No power, no water yet only 20 km from the capital

Tuesday, January 17, 2012
Sucre, Bolivia
Most groups here in Sucre for their 2 days undertake the active physical activities like horse riding, hiking, paragliding, quad biking …

It was for me too hot to undertake any of these activities so the whole group opted for a visit out in the countryside to a typical village and a little bit of walking.

As the title said this Jatun Yampara village was about 20 km from modern civilisation and the capital yet it was light years away literally untouched for decades. Here the villages have their own ancestral land which they can not sell to a third party. On average, each family now has 5 members, down from the 8 or 9.

The two houses we went into had dirt floors, no sanitation to speak of, no running water or electricity yet they were happy with the very simple life that they lead. Cooking was over an open fire in a separate building. Next to this was a store room then finally a small room to sleep in. Sadly it is the old people who are still living here as I suppose this is the life style that they are use to. I do hope that the younger people will return to the land and keep it in their family.While we were allowed to photograph the people and I had wanted to … I didn’t.

Then a short walk up and onto the ridge with a panoramic vista of the area that this community of 50 families owns. No power lines to be seen, just fields, houses made out of abode mud and brick with their red tiled roofs dotting the landscape. Away in the distance were the community white school houses where children have free education till 12. While education in Bolivia is free till 16, this community has no access to such education so the children either have to travel further away or don’t attend at all.

The government 10 years ago provided the materials for a small scale tourism complex to be set up here. It currently has only 3 buildings sleeping in total 12 people but with at least a western style WC! Darn sight much better than my La Paz windowless hotel room set up.

llamas abound and an old tattered whipala fluttering in the wind. The flag has 7 by 7 squares and it is known as the whipala - Bolivia’s native flag.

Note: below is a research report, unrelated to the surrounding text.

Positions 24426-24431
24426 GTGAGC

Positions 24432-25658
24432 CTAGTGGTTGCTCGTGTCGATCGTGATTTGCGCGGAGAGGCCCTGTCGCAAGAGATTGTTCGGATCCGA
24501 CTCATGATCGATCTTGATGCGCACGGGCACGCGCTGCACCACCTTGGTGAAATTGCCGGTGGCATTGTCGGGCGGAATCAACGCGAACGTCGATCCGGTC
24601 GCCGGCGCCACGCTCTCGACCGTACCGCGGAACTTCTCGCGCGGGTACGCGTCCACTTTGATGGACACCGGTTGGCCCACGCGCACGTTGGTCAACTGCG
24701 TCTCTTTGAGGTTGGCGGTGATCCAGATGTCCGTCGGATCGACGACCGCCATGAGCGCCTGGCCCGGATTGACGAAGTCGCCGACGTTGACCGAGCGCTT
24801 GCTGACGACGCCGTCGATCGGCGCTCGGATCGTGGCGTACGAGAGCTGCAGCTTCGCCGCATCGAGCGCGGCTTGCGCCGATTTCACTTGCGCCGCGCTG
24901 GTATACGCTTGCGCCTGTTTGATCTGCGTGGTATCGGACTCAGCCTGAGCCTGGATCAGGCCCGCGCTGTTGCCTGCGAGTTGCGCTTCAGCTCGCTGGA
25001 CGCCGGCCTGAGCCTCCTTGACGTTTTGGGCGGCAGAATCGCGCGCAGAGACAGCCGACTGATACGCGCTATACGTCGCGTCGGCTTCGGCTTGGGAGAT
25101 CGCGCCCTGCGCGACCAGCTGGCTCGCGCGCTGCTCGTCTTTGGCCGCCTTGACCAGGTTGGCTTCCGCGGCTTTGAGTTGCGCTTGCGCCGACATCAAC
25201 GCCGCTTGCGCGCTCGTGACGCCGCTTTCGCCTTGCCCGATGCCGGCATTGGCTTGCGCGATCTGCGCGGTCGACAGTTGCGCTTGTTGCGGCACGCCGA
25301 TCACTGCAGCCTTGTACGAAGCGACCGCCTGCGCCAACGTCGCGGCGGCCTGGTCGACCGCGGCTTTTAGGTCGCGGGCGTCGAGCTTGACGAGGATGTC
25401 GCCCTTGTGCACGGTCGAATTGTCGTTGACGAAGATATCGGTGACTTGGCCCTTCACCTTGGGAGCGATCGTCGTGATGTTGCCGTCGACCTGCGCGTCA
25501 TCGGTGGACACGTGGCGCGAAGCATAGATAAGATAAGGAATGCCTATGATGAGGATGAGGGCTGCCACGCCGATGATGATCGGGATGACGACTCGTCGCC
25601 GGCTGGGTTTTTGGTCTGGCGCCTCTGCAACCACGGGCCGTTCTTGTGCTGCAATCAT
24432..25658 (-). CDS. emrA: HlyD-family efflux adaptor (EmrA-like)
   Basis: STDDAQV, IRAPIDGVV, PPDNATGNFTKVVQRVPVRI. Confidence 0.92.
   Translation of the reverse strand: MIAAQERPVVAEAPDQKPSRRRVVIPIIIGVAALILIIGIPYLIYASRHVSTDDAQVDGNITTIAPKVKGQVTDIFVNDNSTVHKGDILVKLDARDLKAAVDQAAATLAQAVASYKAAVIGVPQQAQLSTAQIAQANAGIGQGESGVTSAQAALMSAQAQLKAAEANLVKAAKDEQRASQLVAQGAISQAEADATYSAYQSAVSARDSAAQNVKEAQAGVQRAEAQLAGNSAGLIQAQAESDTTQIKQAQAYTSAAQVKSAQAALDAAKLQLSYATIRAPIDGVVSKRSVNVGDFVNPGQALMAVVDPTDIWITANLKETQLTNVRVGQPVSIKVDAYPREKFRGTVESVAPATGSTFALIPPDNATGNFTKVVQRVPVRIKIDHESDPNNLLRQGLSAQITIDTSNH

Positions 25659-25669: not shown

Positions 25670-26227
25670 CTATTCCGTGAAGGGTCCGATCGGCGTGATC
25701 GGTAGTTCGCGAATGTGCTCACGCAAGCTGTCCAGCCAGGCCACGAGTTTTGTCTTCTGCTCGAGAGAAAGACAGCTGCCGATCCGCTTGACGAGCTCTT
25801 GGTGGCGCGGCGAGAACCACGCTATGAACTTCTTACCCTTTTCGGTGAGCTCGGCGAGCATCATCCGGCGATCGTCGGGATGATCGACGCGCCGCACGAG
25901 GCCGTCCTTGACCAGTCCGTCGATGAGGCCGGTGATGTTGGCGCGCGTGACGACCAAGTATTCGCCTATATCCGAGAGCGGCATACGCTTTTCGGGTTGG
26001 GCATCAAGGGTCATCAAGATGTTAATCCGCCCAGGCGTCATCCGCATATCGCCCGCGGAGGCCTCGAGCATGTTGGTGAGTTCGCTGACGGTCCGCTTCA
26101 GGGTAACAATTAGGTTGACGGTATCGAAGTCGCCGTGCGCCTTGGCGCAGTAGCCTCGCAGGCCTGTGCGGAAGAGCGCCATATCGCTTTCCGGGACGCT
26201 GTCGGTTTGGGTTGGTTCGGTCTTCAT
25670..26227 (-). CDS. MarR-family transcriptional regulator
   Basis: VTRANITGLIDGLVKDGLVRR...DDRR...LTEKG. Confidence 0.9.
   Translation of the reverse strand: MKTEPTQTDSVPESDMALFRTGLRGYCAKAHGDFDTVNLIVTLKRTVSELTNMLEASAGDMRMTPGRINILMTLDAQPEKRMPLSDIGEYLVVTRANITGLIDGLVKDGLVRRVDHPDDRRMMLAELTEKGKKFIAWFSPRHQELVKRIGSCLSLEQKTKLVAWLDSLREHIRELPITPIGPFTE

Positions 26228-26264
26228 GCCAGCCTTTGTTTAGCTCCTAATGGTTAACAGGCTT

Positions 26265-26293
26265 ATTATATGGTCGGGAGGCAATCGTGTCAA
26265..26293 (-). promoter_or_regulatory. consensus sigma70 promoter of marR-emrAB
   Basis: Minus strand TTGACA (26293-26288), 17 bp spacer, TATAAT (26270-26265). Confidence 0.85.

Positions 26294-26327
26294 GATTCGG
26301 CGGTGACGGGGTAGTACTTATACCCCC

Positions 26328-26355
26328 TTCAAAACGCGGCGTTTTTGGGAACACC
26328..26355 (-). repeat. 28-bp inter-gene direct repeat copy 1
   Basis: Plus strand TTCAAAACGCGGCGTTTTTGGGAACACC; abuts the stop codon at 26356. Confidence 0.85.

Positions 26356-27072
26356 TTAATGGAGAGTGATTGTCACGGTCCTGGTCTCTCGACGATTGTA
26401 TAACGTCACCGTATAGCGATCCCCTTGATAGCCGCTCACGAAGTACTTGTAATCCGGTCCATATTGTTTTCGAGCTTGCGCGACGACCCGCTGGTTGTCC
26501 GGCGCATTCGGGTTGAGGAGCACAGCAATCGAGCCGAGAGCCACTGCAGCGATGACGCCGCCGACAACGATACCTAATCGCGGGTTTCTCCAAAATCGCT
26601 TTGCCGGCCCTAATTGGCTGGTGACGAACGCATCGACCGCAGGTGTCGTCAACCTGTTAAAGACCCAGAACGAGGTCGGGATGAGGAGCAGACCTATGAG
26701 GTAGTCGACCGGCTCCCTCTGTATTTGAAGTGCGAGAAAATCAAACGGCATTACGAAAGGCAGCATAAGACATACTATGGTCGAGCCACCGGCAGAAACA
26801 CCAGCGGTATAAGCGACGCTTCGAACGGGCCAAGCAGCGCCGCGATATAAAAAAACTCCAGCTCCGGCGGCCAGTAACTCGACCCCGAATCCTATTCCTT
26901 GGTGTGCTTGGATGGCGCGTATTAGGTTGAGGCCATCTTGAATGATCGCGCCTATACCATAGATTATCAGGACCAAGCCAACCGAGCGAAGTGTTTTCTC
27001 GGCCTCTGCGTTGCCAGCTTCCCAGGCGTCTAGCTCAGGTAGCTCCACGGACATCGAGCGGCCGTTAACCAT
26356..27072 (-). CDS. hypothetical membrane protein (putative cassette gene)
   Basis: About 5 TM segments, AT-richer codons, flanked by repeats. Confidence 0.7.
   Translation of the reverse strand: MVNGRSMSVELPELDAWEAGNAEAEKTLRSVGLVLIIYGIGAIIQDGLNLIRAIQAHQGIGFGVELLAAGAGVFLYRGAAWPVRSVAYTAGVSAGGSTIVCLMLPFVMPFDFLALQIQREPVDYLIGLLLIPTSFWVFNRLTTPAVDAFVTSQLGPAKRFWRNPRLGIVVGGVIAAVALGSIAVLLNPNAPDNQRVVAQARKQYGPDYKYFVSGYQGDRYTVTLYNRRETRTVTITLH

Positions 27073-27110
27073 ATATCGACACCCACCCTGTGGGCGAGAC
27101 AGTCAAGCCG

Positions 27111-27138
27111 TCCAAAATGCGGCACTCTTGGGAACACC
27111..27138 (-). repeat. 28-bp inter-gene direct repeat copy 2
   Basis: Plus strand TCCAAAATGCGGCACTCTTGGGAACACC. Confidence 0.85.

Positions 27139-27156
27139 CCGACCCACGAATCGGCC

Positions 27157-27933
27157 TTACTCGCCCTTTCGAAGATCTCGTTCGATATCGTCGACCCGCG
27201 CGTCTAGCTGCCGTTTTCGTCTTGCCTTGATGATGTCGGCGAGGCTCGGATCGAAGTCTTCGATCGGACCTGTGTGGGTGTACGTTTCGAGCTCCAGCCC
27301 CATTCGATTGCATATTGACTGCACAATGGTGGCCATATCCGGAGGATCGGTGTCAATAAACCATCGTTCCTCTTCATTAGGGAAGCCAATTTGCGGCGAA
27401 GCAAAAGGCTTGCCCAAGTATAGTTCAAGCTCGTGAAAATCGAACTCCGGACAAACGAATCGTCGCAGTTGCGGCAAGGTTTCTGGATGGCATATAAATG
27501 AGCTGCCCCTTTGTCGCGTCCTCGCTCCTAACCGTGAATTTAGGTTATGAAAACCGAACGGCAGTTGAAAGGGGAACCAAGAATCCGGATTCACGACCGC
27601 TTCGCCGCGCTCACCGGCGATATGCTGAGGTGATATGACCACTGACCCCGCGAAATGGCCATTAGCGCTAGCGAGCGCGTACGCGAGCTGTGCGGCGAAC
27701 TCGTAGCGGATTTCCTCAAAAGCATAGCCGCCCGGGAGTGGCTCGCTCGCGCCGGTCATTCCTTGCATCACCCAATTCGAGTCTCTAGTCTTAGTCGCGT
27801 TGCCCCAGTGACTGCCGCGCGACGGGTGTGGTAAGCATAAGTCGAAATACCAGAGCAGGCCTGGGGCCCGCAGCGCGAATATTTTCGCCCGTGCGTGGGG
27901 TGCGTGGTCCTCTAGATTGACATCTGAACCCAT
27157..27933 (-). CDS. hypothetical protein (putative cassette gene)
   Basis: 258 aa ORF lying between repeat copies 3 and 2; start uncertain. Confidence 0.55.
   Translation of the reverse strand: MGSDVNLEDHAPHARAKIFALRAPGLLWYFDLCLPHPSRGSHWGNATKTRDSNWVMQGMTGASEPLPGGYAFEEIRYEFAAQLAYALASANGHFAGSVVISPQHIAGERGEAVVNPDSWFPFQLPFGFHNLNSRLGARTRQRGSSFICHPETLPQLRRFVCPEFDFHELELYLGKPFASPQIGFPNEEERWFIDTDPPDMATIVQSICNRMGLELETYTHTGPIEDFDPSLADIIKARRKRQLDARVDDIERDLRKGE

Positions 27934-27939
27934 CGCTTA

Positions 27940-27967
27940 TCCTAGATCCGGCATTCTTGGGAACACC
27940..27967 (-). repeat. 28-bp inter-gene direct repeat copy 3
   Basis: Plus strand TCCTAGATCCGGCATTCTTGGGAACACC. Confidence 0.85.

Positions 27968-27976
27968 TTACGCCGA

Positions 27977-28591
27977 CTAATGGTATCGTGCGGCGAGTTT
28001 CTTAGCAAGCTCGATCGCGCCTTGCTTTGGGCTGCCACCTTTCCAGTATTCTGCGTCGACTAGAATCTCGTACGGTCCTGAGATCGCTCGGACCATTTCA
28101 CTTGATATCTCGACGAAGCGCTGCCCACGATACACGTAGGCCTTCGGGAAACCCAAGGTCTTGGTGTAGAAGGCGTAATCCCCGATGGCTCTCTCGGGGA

A small bar where the local beer (chicha) was dispensed

The little church is only used several times a year. It is to me a blend between their beliefs with Pachamama and Catholicism (Christianity). Note no figure of Christ by the wooden cross. These people are spiritual but not active practicing. They believe in God and mother earth.  

Next to the comedor (dining room / lounge) were several buildings like a mini ie small museum which explained a bit more of their life style.


It was so peaceful with literally no noise, no signs of any mechanical machinery … I wonder how much longer this will last for as understandably they want power and water. The senior community's representative who showed us around had on his belt a cell phone so I asked how did he charge it up with no power? Answer: in the car (cigarette lighter). This small complex had a generator for limited evening power.

I am glad that we came here today and suggest that an overnight option be offered so that others can enjoy the peacefulness plus learn a bit about the current simple life.

… then home wards bound BUT ….

A truck was parked across the road and we were informed that because of road works ahead clearing a minor slip, that the road would be closed for 4 hours ie till dark. Crazy - why don’t they open it say every 30 minutes to let the traffic on both side through? This is Bolivia I suppose.

Solution, walk following the water pipe by the fields to the road ahead where we could see by the next very small village the traffic stopped at the other side and try to get a taxi(s) back to Sucre which was only 10 kms away. Long shot this getting a taxi out in the country.

Because Bolivia has provided modern telecommunication, we were able to call the agency back in Sucre and arranged for a car to come out and pick us up.

Dinner was at La Posada and for me something new: Plato Adino or dried beef from the Andes. This was very salty by itself but when mixed with the egg, cheese and potato it was fine. I can see how this dish would be eaten high up in the Andes. Looked like dried vermicelli.

Plus a 1/2 jug of Jarra de Jugode with the Thumbo fruit. A big 1/2 jug but I finished it!

I couldn't refuse the Suzette crepe dessert offering simply to see again it being lit.
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